His primary scientific interests are in Ecology, Phylogenetics, Evolutionary biology, Insect and Phylogenetic tree. Ecology is closely attributed to Sister group in his research. His work on Cladogram, Monophyly and Ditrysia as part of general Phylogenetics research is frequently linked to Nonsynonymous substitution, bridging the gap between disciplines.
In Evolutionary biology, Charles Mitter works on issues like Noctuoidea, which are connected to Bombycoidea. The concepts of his Insect study are interwoven with issues in Clade and Species diversity. His study looks at the relationship between Phylogenetic tree and topics such as Subfamily, which overlap with Botany.
Charles Mitter focuses on Evolutionary biology, Phylogenetics, Ecology, Phylogenetic tree and Zoology. In his study, Noctuinae is inextricably linked to Noctuoidea, which falls within the broad field of Evolutionary biology. The various areas that he examines in his Phylogenetics study include Taxon, Lepidoptera genitalia and Subfamily.
His research in Lepidoptera genitalia intersects with topics in Taxonomy, Cladistics and Larva. Many of his studies on Ecology involve topics that are commonly interrelated, such as Sister group. His Zoology research is multidisciplinary, relying on both Paraphyly, Ditrysia, Monophyly and Catocala.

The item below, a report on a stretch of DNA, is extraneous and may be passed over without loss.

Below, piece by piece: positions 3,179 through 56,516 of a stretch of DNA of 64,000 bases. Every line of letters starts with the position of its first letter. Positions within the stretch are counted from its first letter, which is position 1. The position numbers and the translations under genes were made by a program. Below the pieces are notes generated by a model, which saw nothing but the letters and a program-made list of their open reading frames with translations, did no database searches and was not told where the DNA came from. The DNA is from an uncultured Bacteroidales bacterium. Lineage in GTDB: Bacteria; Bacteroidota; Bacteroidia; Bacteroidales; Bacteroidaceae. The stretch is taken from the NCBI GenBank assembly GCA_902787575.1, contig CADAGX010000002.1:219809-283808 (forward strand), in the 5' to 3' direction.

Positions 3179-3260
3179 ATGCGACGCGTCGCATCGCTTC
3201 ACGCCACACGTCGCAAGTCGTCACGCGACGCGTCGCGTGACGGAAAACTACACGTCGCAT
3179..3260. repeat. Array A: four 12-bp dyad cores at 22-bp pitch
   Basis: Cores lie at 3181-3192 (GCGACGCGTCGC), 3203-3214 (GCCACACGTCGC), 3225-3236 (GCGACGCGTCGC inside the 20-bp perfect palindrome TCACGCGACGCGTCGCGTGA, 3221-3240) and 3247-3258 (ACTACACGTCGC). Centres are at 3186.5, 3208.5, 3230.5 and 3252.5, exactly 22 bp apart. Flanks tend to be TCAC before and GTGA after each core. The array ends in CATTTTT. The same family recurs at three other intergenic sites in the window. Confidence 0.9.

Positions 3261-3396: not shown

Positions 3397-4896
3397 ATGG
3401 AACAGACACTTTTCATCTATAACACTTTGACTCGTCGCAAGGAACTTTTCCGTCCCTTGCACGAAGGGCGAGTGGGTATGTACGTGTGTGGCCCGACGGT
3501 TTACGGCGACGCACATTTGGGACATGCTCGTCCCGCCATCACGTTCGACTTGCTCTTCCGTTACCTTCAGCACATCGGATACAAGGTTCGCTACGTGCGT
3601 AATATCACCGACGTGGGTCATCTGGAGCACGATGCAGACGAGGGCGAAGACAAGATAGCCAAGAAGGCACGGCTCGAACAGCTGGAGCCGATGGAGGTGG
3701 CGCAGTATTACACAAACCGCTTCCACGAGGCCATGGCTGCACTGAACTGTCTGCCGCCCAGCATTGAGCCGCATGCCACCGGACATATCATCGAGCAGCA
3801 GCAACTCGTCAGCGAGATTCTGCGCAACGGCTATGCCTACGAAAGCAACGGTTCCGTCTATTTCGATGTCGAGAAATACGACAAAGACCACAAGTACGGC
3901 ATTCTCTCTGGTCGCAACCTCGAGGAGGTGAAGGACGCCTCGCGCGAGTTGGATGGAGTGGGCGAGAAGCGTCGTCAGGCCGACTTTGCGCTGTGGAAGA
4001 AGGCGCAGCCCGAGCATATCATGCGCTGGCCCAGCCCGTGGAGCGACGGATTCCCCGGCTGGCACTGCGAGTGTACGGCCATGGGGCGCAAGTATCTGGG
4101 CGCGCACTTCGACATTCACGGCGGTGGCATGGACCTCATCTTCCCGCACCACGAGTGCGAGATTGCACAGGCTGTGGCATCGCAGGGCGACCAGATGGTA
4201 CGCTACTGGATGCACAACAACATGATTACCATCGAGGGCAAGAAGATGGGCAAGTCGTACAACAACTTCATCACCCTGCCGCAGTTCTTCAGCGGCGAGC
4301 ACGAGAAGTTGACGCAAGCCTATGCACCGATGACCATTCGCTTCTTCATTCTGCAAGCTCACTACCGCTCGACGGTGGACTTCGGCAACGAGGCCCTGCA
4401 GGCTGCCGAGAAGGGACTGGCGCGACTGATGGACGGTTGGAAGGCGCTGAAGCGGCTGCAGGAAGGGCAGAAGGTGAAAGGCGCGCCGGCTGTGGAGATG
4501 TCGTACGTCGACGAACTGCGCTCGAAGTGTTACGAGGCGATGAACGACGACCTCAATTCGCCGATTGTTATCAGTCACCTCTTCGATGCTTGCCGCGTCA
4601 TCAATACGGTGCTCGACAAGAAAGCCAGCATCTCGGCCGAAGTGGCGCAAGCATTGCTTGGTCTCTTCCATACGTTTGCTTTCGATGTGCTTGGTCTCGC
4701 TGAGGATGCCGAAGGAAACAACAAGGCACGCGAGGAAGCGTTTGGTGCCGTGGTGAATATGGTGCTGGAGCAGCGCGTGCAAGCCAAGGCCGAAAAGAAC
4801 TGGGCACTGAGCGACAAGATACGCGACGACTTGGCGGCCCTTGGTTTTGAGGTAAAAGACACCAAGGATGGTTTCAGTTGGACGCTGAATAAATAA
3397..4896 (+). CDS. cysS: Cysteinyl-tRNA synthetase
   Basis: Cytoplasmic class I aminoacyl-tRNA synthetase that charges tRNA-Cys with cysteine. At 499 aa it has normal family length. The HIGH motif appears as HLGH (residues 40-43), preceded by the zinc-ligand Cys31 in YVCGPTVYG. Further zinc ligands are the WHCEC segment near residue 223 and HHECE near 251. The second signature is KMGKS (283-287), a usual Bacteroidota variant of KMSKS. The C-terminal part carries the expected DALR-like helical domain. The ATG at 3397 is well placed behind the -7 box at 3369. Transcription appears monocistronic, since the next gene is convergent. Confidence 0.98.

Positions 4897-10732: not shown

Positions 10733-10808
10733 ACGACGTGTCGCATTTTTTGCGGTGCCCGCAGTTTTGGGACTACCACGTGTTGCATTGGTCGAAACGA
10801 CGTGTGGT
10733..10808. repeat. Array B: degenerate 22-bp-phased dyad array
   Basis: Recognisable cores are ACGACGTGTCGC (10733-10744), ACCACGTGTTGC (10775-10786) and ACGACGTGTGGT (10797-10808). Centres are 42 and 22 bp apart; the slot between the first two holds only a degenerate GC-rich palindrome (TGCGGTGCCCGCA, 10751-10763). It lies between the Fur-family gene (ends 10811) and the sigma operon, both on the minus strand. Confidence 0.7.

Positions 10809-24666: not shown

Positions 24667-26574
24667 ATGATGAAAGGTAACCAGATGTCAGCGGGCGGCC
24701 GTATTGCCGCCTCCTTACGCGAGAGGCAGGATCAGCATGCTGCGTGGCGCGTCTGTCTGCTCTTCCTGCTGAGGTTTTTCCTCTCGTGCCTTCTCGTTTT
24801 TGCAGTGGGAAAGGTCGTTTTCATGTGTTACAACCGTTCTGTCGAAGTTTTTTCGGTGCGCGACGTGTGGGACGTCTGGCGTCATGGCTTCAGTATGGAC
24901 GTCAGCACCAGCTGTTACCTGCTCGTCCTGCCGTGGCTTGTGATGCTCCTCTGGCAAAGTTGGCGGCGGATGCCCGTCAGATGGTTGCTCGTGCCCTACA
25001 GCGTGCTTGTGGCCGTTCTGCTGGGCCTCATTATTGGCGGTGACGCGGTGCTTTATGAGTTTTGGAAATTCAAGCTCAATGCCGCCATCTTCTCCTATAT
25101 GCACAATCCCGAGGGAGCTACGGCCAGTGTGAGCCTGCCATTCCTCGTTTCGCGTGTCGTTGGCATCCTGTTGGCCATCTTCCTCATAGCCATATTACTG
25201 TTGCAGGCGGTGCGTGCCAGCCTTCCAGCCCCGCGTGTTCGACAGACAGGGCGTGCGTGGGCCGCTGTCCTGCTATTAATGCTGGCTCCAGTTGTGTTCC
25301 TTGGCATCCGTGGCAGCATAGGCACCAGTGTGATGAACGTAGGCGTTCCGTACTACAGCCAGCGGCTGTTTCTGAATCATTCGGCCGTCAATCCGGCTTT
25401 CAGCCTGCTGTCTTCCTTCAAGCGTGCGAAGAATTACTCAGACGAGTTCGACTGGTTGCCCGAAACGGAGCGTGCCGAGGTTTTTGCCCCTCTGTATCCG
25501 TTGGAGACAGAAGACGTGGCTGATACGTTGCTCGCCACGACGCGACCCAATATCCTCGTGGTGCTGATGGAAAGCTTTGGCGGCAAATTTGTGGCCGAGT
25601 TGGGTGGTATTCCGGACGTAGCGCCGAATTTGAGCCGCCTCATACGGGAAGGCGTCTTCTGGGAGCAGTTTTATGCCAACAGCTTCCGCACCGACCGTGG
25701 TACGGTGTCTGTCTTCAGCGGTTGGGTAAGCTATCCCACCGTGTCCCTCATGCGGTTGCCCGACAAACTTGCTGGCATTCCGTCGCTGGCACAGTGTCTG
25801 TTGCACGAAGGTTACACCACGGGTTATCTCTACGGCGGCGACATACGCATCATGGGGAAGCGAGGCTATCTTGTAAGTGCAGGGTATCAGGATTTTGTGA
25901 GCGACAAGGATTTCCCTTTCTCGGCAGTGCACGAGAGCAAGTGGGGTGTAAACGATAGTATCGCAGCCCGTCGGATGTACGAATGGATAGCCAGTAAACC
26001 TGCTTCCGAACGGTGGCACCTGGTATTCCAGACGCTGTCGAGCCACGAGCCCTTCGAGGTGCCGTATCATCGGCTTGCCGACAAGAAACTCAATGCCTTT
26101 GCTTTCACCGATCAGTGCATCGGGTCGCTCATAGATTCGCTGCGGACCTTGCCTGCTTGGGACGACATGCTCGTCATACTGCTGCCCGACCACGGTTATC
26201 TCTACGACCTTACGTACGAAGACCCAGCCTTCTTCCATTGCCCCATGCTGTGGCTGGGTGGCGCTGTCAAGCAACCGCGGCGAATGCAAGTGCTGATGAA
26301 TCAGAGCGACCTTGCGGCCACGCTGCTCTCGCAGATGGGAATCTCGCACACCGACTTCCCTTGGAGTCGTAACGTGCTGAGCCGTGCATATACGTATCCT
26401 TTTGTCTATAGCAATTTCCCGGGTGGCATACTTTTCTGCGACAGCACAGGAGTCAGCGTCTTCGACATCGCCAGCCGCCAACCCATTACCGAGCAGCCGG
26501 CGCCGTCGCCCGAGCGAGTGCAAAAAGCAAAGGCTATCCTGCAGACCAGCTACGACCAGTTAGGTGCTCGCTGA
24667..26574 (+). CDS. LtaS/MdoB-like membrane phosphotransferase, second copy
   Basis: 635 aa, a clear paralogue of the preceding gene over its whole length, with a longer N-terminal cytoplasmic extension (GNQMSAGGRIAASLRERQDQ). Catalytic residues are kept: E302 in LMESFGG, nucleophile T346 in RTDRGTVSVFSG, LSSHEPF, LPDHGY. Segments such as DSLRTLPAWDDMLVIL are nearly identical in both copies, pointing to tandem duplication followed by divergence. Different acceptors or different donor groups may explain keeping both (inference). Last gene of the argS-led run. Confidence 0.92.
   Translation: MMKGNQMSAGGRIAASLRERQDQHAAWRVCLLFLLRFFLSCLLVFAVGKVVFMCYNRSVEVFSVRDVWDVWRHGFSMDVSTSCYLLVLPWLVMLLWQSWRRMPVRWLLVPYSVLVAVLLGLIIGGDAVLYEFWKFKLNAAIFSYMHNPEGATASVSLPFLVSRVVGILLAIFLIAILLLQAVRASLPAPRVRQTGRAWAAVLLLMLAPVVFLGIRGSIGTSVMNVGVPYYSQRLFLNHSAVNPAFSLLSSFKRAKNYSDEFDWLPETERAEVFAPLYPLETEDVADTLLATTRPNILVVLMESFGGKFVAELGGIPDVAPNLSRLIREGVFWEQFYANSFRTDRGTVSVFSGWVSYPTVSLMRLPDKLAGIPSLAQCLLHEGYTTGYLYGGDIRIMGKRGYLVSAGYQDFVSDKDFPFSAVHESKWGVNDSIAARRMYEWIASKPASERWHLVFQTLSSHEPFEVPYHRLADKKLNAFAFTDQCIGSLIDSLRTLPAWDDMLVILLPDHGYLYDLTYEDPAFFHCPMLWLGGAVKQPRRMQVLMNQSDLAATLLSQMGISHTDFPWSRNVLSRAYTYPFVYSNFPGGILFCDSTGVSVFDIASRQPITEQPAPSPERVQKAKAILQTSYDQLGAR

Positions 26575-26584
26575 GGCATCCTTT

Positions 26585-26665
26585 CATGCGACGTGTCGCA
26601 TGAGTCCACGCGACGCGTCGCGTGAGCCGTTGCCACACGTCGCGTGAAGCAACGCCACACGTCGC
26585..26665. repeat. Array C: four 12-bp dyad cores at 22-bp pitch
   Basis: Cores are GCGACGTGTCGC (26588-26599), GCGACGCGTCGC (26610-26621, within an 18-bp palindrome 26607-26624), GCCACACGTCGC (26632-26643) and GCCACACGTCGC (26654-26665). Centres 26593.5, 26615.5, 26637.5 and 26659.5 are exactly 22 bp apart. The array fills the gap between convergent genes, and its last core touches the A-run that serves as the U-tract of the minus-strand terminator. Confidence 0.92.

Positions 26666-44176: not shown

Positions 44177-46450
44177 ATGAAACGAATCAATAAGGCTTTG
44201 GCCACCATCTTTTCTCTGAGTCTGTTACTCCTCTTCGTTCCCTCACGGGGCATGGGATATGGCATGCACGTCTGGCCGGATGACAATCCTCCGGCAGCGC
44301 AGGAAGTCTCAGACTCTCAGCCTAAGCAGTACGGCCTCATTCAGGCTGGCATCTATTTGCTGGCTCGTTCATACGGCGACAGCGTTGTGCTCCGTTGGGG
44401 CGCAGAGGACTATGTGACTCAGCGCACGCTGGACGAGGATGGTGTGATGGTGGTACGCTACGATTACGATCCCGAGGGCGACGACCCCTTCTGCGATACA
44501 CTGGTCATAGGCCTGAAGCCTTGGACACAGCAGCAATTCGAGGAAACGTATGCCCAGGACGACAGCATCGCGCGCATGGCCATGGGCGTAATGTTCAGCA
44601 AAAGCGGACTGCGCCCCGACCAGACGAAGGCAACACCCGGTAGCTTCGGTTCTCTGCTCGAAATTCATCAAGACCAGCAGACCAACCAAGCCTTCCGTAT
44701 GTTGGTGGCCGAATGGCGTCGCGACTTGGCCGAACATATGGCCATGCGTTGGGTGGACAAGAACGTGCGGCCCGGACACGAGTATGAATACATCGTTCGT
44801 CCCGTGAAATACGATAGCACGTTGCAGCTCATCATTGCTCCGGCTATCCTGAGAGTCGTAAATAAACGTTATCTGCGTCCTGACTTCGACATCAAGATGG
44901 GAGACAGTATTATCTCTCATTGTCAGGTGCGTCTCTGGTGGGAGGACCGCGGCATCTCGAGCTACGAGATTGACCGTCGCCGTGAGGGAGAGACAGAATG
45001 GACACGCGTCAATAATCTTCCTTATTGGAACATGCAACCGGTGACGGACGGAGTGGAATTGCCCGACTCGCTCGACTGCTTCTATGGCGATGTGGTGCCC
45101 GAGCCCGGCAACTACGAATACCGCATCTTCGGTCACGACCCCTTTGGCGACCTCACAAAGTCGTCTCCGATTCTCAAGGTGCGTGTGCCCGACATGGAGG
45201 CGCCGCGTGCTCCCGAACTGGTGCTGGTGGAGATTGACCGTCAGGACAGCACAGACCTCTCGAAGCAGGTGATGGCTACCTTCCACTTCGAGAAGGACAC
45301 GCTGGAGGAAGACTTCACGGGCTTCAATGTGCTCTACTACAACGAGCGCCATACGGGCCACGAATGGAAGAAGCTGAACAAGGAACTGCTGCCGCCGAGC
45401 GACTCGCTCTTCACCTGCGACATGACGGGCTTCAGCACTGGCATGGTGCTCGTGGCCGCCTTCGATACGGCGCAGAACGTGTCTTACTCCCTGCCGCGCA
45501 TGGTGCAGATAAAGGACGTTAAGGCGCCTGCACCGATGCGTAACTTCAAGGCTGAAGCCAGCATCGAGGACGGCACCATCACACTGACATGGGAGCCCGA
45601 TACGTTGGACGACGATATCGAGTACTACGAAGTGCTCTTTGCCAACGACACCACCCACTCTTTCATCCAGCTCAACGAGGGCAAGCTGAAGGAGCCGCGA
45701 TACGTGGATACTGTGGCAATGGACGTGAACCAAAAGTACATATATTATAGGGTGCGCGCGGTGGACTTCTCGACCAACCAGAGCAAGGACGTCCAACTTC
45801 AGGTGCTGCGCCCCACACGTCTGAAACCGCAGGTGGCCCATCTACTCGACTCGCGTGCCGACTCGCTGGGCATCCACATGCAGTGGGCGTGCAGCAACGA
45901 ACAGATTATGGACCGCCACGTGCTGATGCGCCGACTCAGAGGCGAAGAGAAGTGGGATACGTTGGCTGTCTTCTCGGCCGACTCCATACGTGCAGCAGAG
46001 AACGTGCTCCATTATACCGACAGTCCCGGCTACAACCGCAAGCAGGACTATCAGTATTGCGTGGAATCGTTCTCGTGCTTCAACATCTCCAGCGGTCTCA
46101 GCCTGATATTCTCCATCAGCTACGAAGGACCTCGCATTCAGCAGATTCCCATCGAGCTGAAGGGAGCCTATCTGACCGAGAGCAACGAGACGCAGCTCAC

His primary areas of investigation include Evolutionary biology, Zoology, Taxon, Monophyly and Phylogenetics. Charles Mitter interconnects Lepidoptera genitalia and Phylogenetic tree in the investigation of issues within Evolutionary biology. His work deals with themes such as Ditrysia and Scythrididae, which intersect with Zoology.
His research on Taxon also deals with topics like
His primary scientific interests are in Evolutionary biology, Zoology, Dimension, Insect and Phylogenetic tree. His Evolutionary biology study integrates concerns from other disciplines, such as Systematics, Lepidoptera genitalia and Phylogenetics, Cladistics. His study in Zoology is interdisciplinary in nature, drawing from both Palaephatidae, Synapomorphy and Monophyly.
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Order Lepidoptera Linnaeus, 1758. In : Zhang, Z.-Q. (Ed.) Animal biodiversity: An outline of higher-level classification and survey of taxonomic richness
The Phylogenetic Study of Adaptive Zones: Has Phytophagy Promoted Insect Diversification?
The American Naturalist (1988)
Animal biodiversity: An outline of higher-level classification and survey of taxonomic richness
Zhi-Qiang Zhang;John Na Hooper;Rob Wm Van Soest;Andrzej Pisera.
ESCALATION OF PLANT DEFENSE: DO LATEX AND RESIN CANALS SPUR PLANT DIVERSIFICATION?
The American Naturalist (1991)
Nitrogen in Insects: Implications for Trophic Complexity and Species Diversification
The American Naturalist (2002)
A highly conserved nuclear gene for low-level phylogenetics: elongation factor-1 alpha recovers morphology-based tree for heliothine moths.
Molecular Biology and Evolution (1995)
A Large-Scale, Higher-Level, Molecular Phylogenetic Study of the Insect Order Lepidoptera (Moths and Butterflies)
Jerome C. Regier;Charles Mitter;Andreas Zwick;Adam L. Bazinet.
PLOS ONE (2013)
Evolutionary Patterns of Host Plant Use by Delphacid Planthoppers and Their Relatives
Phylogenetic studies of insect-plant interactions: Insights into the genesis of diversity
Trends in Ecology and Evolution (1991)
Toward reconstructing the evolution of advanced moths and butterflies (Lepidoptera: Ditrysia): an initial molecular study
Jerome C. Regier;Andreas Zwick;Michael P. Cummings;Akito Y. Kawahara.
BMC Evolutionary Biology (2009)
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